Last fall, Theatre Development Fund (TDF) piloted the new program, Autism Theatre Initiative, as part of TDF's Accessibility Programs (TAP), to make theatre accessible to children and adults on the autism spectrum, and their families. They presented the first-ever autism-friendly performance of a Broadway show at Disney's landmark The Lion King on October 2, 2011 and followed that up with an autism-friendly performance of Disney and Cameron Mackintosh's Mary Poppins on April 29, 2012.
On September 30, the cast of The Lion King took part in another autism-friendly performance, and Rod Thomas, an actor in the show, wrote about the experience from his perspective. The full piece is as follows:
"The Lion King" is a remarkable show for so many different reasons, but I want to share a small footnote of its history with you.
I remember seeing "The Lion King" for the first time on Broadway in 1999 in the New Amsterdam Theater and being completely captivated. I remember seeing it in Des Moines, IA on the day I joined the National Tour in 2006. I've seen it countless times in cities across the country and beyond - from Honolulu, Hawaii where it was received with an incredible amount of love and joy to Mexico City in an arena so large they simulcast it on two large screens above the stage. It is amazing how much audiences still go wild for it every night almost 15 years later.
This past Sunday afternoon was much the same for the Broadway production. As I walked to the theater to sign-in, I was surrounded by folks headed to the theater to see the show. Mothers were pointing to their children as they turned the corner and first caught sight of the Minskoff Theater marquis with the iconic image of the sunburst mask greeting them. "There it is!" There was a buzz of excitement as families drew close to the theater.
There was a slightly different element at work today. There were volunteers orchestrating today's matinee inside and outside the theater. They held bags with large, soft squishy balls for some of the guests as they entered (fidget items). They set up areas on either side of the lobby - one marked as a "quiet zone" and another marked as an "activity zone." The volunteers stretched throughout the theater answering questions and directing families to and from their seats and assisting with any issues our guest might have had today.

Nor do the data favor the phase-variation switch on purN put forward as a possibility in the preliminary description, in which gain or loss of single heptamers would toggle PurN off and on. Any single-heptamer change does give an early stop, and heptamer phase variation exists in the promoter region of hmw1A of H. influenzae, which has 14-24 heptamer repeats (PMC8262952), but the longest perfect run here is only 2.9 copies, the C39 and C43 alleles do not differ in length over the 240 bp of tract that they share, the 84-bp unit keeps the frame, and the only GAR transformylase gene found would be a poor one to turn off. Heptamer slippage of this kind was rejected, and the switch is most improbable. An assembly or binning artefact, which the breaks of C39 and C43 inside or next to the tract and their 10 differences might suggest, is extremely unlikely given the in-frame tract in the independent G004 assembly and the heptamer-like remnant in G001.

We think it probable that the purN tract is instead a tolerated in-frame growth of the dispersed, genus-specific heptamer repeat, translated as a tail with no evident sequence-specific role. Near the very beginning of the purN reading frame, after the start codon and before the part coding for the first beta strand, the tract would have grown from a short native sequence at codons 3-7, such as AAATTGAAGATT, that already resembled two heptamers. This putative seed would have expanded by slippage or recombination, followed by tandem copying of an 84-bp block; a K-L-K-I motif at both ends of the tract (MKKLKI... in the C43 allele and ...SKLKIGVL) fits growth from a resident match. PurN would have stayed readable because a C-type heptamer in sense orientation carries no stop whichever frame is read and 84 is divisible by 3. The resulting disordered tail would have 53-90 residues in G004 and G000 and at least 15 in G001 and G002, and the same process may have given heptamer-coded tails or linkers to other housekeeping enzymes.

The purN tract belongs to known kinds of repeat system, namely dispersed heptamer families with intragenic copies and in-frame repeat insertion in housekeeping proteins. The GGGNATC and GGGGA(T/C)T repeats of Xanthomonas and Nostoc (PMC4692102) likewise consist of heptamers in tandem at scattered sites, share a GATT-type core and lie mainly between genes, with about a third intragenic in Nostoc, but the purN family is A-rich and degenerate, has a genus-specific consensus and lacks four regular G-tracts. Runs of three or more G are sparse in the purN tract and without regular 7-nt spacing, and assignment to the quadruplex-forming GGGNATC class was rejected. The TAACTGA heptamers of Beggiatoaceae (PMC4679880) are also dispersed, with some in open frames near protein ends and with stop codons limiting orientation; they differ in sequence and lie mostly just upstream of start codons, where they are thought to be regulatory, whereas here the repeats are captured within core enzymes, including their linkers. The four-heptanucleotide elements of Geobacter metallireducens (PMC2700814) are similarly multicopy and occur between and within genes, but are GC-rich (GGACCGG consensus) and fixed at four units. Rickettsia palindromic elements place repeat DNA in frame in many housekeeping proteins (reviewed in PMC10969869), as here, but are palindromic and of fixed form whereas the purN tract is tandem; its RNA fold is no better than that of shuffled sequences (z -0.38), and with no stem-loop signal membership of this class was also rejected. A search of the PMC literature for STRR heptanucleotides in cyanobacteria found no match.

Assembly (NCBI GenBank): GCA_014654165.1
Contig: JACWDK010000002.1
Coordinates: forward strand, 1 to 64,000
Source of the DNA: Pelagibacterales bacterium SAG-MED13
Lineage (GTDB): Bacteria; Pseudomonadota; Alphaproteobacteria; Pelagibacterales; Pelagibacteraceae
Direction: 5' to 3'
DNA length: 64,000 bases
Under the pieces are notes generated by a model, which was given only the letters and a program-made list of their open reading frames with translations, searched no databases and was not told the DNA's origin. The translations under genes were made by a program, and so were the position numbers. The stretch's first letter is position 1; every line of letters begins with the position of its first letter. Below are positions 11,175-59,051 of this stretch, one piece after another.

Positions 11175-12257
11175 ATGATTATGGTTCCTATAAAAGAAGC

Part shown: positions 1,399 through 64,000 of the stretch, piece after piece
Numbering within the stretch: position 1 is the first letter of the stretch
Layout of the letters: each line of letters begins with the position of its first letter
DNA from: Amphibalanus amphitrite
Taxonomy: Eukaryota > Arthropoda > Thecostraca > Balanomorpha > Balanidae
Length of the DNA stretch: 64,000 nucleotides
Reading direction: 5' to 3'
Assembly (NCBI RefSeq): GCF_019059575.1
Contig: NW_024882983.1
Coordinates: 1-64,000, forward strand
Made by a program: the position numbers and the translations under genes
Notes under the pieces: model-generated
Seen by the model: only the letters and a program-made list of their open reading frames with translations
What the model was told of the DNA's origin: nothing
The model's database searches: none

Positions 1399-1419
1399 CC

Today was the second Autism Friendly Performance of "The Lion King." The Theater Development Fund, in association with Disney, bought out the entire house for this special event and sold those tickets as a part of a marketed Autism Friendly Performance. This matinee was reserved especially for them. The show sold out in under 24 hours.
Several changes were made to the show and to the theater to facilitate this event. There were volunteers at the front of the house with green glow lights that they would hold up to warn sensitive audience members that a loud noise (or perhaps a round of applause) was about to happen so that they might not be surprised and could cover their ears. No strobe effects were used in the show. Most of the loudest audio effects were taken out of the show completely.
The volunteers placed themselves throughout the theater. As the show began, the house lights dimmed only about halfway, where they would remain throughout the show.
This was all completely acceptable. No one was going to shoot a dirty look behind them at some disturbance. No one was going to lean over and shush someone down the row. There would be no ushers summoned to walk down and act as a policing force. Today we celebrated the noises, the restlessness, the different behaviors. These reactions were accepted as high praise - a form of applause. Today was a day for these wonderful people to enjoy our show without worrying about disturbing anyone else.
What made the biggest impression on me was a comment told to us from the last Autism Special Performance. It was from family members who said they were happy just to be able to share a day at the theater as a family for once. I must be honest and admit it's not something I had considered before. Of course, these kids deserve a chance to see theater, to feel comfortable and welcomed in the world - that seemed clear to me. I had not thought about the Brothers and Sisters who didn't get to go see theater or movies with their siblings. I didn't think about what it could mean for an entire family to be together in one place enjoying theater as a family. Isn't theater a communal event? What a gift for a family to enjoy it together without feeling embarrassed or frustrated or apologetic or whatever other stresses such moments create. Sunday wasn't just for those with autism, it was also for their families.